Durban – The media scrum at Bafana training on Thursday was noticeably enlarged, an inevitable by-product of the hosts’ on-going success at the Africa Cup of Nations.
Television cameras and microphones jutted out from every angle, their numeracy juxtaposed by the brevity of the interviews. Bafana’s players would presumably like to do most of their talking on the field, and as long as they keep on progressing towards the continental title, it is hard to put up too much of an argument.
One man almost certain to make his tournament debut against Mali in Saturday’s quarter-final at the Moses Mabhida Stadium (Kick off 8.30pm) is right-back Siboniso Gaxa. With Anele Ngcongca suspended, coach Gordon Igesund has already said that the Kaizer Chiefs right-back, an experienced replacement with 54 caps for his country, will step into the breach.
Gaxa claimed ignorance when asked about his potential start against the Eagles.
“I don’t know about me being in line to start the match … no one is guaranteed a start, we will see on Saturday,” he said.
“Of course it would be nice representing your country on home soil in the quarter-final,” he did add. “I am looking forward to that if I do start.”
Mali are likely to present Bafana with their biggest test yet at this tournament, a side ranked third on the continent, packed with experience, physical power and no little talent.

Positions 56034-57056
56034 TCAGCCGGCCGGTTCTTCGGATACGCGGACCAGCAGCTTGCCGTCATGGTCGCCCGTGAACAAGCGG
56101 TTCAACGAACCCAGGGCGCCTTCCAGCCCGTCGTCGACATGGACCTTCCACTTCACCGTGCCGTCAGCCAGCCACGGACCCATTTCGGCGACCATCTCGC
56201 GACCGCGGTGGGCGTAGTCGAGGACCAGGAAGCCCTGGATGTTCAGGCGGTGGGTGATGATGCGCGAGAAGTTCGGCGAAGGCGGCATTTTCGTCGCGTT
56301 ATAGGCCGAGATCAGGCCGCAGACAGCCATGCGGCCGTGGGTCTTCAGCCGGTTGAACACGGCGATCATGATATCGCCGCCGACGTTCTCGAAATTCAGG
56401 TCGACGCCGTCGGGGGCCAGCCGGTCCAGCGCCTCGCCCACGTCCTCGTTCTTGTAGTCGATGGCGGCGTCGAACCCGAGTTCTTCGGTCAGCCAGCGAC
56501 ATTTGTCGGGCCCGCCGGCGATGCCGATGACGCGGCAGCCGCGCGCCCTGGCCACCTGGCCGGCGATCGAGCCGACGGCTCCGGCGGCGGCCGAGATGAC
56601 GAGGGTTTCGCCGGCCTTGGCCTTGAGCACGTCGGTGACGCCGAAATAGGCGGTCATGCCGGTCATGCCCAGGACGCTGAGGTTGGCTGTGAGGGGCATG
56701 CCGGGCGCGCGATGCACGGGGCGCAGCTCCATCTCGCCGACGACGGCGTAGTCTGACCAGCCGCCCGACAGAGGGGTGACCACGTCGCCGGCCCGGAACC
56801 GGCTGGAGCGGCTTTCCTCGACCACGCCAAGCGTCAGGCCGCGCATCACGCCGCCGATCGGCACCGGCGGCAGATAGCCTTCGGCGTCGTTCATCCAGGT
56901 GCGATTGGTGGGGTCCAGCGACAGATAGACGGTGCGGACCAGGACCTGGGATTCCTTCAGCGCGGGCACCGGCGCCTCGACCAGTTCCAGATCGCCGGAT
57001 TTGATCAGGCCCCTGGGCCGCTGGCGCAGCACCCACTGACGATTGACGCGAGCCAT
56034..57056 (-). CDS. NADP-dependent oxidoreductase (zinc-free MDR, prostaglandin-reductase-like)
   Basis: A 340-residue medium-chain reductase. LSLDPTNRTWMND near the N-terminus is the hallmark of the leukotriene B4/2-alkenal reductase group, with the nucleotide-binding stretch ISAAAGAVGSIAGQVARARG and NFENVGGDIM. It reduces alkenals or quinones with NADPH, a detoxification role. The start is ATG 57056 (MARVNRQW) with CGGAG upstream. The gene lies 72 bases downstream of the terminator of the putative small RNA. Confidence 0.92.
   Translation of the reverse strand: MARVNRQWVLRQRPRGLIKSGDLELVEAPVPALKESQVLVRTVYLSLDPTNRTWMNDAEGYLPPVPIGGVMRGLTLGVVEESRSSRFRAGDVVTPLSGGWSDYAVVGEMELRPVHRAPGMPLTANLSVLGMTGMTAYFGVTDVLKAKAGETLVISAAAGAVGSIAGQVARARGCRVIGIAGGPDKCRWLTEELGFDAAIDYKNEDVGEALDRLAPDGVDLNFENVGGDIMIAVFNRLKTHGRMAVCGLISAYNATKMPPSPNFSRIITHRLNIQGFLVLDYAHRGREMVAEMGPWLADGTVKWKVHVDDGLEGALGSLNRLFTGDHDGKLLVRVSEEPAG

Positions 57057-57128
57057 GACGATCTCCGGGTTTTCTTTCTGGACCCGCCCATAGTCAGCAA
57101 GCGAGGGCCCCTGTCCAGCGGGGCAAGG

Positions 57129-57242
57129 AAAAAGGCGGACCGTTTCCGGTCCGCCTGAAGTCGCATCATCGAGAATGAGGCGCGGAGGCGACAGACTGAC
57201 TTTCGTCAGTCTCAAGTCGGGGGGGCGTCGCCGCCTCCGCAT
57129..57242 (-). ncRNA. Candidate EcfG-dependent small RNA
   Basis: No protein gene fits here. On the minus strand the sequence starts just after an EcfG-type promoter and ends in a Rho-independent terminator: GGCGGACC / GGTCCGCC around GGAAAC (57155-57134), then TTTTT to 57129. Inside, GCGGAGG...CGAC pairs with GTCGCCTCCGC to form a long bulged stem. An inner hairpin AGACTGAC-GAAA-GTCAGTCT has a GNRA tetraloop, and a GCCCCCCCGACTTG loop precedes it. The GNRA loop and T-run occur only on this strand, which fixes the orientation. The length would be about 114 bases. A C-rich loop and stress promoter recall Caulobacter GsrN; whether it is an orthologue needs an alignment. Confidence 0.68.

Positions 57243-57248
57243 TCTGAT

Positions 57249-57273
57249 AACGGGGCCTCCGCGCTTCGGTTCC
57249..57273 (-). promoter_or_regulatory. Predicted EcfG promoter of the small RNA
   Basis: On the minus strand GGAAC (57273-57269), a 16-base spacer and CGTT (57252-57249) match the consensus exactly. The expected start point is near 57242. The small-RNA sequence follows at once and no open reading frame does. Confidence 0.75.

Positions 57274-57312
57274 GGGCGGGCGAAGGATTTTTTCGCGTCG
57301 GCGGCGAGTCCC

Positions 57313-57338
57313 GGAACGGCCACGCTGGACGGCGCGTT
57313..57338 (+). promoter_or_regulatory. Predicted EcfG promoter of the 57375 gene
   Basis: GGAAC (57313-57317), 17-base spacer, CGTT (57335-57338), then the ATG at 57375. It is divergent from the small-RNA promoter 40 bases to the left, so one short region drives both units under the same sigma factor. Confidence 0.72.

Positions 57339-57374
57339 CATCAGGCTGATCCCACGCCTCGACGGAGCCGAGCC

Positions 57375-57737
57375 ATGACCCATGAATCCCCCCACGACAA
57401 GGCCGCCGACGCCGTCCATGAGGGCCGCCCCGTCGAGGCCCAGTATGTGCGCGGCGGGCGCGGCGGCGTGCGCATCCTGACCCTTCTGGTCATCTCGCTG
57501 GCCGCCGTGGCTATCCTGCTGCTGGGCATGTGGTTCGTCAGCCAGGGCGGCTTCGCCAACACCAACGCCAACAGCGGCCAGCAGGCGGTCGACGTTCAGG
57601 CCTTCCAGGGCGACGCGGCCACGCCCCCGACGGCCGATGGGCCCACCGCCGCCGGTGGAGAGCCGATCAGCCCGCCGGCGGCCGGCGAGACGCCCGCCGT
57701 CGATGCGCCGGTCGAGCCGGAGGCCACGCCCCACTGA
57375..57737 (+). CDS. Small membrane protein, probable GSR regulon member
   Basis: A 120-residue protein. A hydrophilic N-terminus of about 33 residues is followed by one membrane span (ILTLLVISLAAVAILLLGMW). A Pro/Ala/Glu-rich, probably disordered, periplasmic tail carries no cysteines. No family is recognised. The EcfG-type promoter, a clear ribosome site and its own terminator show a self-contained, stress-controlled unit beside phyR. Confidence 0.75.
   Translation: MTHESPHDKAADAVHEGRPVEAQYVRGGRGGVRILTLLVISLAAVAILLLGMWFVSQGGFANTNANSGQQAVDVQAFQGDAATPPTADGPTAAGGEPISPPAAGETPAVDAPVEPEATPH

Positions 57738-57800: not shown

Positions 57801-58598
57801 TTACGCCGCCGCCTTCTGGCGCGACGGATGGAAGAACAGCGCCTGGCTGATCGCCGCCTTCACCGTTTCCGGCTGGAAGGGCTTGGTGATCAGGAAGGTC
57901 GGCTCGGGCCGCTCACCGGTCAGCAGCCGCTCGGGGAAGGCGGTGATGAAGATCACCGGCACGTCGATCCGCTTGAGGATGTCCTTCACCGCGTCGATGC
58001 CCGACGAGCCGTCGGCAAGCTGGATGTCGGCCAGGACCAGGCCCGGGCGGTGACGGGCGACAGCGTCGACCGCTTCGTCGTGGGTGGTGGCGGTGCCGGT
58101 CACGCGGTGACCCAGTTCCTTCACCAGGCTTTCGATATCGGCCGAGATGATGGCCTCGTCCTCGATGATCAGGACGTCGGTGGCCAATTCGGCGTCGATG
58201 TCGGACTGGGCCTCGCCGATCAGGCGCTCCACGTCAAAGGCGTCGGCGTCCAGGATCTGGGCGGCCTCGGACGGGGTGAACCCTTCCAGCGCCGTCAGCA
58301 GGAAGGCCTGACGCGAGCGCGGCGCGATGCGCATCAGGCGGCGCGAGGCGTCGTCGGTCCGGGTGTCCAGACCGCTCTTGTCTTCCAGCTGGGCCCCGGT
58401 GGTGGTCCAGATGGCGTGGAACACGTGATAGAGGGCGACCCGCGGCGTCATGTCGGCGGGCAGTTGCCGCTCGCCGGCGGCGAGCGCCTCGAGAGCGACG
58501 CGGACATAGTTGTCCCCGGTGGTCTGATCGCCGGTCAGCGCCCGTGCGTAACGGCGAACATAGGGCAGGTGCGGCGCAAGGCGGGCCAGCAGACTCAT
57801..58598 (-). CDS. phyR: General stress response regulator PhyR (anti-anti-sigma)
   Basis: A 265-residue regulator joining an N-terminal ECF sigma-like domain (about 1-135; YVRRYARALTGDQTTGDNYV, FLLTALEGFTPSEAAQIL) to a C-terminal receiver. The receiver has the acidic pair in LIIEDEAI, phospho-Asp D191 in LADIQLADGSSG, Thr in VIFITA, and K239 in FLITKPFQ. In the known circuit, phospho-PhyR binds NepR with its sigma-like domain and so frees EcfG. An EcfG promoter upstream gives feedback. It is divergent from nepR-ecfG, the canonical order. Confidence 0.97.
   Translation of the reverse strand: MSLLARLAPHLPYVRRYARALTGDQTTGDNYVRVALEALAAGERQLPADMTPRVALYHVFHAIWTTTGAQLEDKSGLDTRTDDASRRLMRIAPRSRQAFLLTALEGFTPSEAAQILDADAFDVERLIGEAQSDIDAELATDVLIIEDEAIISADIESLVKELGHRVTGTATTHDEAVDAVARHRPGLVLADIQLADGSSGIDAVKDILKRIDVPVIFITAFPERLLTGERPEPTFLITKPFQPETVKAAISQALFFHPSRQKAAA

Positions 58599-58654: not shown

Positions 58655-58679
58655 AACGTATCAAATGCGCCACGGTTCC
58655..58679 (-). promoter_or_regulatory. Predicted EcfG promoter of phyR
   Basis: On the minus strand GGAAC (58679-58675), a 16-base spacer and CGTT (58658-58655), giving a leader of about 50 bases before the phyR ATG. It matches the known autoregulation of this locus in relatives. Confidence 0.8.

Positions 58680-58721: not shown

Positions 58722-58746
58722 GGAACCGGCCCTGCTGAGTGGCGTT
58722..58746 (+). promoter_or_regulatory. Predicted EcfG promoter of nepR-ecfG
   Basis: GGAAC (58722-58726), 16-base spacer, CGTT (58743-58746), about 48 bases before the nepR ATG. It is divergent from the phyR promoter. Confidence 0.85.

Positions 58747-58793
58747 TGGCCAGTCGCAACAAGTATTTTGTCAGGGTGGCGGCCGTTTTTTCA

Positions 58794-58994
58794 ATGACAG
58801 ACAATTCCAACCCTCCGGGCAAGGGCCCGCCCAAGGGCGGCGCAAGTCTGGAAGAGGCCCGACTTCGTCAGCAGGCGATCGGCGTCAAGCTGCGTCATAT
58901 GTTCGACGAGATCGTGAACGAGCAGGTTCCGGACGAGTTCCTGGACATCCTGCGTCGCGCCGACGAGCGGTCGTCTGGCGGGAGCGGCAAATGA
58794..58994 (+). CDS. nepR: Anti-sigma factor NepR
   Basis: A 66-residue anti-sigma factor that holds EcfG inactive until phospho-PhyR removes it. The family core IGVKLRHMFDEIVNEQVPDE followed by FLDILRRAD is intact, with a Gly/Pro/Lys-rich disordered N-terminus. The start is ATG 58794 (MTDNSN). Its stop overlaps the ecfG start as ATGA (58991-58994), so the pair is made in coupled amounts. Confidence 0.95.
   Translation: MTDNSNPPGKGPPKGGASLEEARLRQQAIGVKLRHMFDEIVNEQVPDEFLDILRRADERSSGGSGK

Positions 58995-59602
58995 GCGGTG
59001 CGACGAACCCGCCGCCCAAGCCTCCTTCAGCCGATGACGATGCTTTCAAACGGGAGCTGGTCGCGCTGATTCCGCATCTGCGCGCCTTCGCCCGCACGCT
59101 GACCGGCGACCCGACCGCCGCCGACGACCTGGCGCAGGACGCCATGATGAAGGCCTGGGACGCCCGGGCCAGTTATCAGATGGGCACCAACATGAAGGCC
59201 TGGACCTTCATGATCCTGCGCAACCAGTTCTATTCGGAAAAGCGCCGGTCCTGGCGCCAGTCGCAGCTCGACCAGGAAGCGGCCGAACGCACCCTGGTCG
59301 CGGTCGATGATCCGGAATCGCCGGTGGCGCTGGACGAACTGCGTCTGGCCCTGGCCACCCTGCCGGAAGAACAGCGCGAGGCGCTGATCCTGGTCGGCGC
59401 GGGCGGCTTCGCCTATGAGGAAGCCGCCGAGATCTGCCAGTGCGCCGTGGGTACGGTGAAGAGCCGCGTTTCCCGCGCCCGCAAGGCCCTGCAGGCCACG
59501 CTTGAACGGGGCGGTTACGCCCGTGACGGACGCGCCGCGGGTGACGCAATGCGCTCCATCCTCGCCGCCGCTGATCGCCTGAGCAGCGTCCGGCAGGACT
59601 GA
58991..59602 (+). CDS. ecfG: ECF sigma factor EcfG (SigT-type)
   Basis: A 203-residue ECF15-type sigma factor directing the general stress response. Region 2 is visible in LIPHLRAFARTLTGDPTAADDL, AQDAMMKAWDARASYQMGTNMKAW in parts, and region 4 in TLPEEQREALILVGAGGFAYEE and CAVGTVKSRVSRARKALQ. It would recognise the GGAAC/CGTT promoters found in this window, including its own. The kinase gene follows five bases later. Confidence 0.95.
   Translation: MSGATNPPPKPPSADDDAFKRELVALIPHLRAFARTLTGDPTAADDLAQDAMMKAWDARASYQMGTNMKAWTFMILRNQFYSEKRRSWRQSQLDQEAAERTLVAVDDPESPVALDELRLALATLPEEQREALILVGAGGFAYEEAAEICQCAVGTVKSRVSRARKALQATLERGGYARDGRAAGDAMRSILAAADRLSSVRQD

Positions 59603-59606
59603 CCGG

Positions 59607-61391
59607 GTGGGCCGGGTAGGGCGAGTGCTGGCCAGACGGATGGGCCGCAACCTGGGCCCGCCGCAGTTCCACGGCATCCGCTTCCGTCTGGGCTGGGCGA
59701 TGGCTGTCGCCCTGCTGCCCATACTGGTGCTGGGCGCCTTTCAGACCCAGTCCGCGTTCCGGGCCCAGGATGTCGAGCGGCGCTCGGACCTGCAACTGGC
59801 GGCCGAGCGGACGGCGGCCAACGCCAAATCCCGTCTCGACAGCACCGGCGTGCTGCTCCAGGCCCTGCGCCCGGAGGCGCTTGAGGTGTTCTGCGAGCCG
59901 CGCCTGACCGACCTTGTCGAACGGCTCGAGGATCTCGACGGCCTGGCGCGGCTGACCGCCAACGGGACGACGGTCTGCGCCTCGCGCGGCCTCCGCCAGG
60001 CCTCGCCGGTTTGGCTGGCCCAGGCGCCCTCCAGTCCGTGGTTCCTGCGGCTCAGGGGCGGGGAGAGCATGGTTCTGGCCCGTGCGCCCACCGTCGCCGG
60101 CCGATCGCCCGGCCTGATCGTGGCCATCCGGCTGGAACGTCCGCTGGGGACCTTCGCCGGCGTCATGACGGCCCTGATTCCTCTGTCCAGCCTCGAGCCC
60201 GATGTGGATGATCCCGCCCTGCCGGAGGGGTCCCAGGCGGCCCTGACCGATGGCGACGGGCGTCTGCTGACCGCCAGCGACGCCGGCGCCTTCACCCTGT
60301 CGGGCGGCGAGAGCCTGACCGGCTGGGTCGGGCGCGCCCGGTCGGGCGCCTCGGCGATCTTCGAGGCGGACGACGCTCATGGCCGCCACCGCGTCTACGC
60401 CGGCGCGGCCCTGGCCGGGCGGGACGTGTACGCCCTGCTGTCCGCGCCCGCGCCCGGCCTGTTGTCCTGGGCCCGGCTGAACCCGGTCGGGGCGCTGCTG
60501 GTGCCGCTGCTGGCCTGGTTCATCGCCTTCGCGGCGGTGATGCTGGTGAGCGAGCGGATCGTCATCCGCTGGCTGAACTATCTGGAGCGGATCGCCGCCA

“They are a big, strong team,” said Gaxa.
“We play different football. We have our strengths and they have theirs.”
Bafana’s method against Mali will have to focus on their quick possession game, and keeping the ball on the ground, as they eventually did to good effect against Morocco.
The pace of Bafana’s wide men could also test Mali’s full backs, with Thuso Phala and even Gaxa set to give Bafana plenty of width down the right.
Should Igesund want to add a bit more physical steel to the centre of his midfield, however, he could well turn to Kagiso Dikgacoi.
Dikgacoi was poor in the opening match against Cape Verde, and injury has since kept him on the sidelines, for all but the final seconds of the 2-2 draw with Morocco.
But the signs from training are that he could be back to battle with the likes of Seydou Keita on Saturday night.
“It’s not only him (Keita); they have good quality players, big boys and it will be physically tough for us,” said Dikgacoi on Thursday.
“We just have to stick to our game plan and approach the game with a positive mind.”
Dikgacoi admitted that competition had been fierce for places in the centre of Bafana midfield with Dean Furman coming in and making one of those places all his own.
“It is always competitive but I am happy for Dean,” said Dikgacoi.
“He has done well since coming into the national team. The competition is tough but I will still fight for my position.”
Bafana will hope to use home advantage in their favour on Saturday, with a typically fervent Durban crowd, in a city where they have traditionally performed so well, determined to roar them on to victory. But Mali have their own extra motivation, playing for a country embroiled in civil war.
“We have done well in Durban, it is good for us, we are looking forward to this one,” added Gaxa.
“Obviously it is unfortunate that in Mali there is a war they are fighting. But we also want to win and do well going forward. We are hosting the tournament and we want to do well for ourselves and for the nation.” – The Star